Since his seven-year stint on "Saturday Night Live," Tracy Morgan has best been known for three things: his role as sketch-comedy cast member Tracy Jordan on Tina Fey's Emmy-winning sitcom "30 Rock," his shirt-removing, desk-laying appearances on morning TV shows, and alcohol-related arrests that earned him a monitoring ankle bracelet (and a subsequent storyline about it on the show). Morgan, battling a wicked cough, vaguely discussed his work during a cell-phone conversation in advance of his appearance Sat., March 8, 8 p.m., at Center Stage.
Talk about the status of "30 Rock" now that the writers' strike is over.
Oh, the status is great. We go back to work Monday. We start filming Monday. We're happy to be back, and we're looking forward.
I see the movies you worked on were Deep in the Valley and G-Force. Talk about those.
Ah, the movies are great. Deep in the Valley, I did a one-day shoot in there.
I see your character there is Busta Nut. Who is Busta Nut?
Oh, Busta Nut is a character! He's just a character in a movie that they came up with. (Coughs.) And I play him. Just a character.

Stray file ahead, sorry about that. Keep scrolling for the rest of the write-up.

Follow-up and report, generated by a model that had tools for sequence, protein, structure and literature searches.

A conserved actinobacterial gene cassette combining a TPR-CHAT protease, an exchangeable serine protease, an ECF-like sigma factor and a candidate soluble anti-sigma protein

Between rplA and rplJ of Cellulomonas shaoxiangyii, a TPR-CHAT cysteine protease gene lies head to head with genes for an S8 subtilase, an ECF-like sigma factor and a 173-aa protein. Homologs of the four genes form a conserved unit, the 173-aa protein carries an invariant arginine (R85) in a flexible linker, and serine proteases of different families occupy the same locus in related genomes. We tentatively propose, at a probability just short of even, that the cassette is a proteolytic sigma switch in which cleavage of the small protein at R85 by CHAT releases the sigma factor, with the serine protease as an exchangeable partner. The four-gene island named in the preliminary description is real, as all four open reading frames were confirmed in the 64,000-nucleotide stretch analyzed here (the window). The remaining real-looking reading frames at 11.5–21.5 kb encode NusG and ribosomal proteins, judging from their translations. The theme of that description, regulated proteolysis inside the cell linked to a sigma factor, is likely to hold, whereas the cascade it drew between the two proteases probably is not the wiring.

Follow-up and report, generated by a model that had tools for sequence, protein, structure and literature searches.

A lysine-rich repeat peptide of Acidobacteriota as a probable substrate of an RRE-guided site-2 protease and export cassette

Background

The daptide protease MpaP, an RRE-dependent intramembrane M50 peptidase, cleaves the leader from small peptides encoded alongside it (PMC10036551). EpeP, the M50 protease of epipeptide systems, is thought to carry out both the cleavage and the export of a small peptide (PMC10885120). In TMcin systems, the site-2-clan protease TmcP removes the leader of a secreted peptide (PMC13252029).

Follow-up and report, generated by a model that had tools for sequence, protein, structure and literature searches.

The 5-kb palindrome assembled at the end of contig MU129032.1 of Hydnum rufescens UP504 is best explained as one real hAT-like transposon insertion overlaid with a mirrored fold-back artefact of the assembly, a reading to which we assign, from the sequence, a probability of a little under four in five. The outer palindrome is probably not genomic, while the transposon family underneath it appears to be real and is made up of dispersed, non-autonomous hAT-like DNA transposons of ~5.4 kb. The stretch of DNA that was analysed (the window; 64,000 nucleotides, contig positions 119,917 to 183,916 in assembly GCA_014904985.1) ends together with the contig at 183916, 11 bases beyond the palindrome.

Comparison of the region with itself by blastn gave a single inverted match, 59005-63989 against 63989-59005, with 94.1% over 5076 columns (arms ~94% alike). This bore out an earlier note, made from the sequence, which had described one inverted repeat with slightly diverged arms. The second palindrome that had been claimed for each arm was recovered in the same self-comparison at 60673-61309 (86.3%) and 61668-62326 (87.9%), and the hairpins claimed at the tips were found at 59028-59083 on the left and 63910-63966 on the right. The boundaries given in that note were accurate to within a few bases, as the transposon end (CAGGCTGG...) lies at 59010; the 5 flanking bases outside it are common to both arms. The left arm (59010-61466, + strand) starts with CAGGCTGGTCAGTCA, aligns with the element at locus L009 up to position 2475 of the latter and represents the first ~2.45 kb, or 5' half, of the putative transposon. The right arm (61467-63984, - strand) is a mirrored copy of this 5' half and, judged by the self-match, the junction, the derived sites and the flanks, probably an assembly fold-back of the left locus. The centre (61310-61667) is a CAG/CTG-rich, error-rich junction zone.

What’s the plot of the movie?
I don’t know. I only shot one day on it.
Where do you get your material for your stand-up?
My space. My everyday life. I don't make stuff up. I talk about my experiences as a black person, as a human being. Just talk about my experiences.
Give me some examples.
Give you some examples? Come on, man, you got to come to the show. You want me to act on the phone?
I was curious about the creative process that goes into developing your character on "30 Rock." Can you talk a little bit about how you work with Tina Fey and the writers?
You'd have to ask Tina Fey that. As far as the process, you'd have to ask the writers and Tina Fey that. I just bring the energy and the character. Tina's hung out with me long enough that she knows my voice.
Was there something you wanted out of your character’s identity in particular that you wanted to get across?
I just wanted to have fun. We just having fun. It’s not rocket science. It’s just having fun, that’s all.
When you're able to make light of your personal stuff, whether onstage or on "30 Rock," what's the value?
I also get over it, and [it] lets them know it’s OK to laugh about it. We don’t do it immediately, because of the wound is so fresh. But it cleans and heals. But it’s all part of the healing process. It’s like with Lorne Michaels for the 9/11 show on “Saturday Night Live." He brought the mayor on to let everybody in America know, it’s time for us to laugh again. What am I going to do? Cry about what happened? Might as well laugh about it. Richard Pryor made fun of himself when he caught on fire.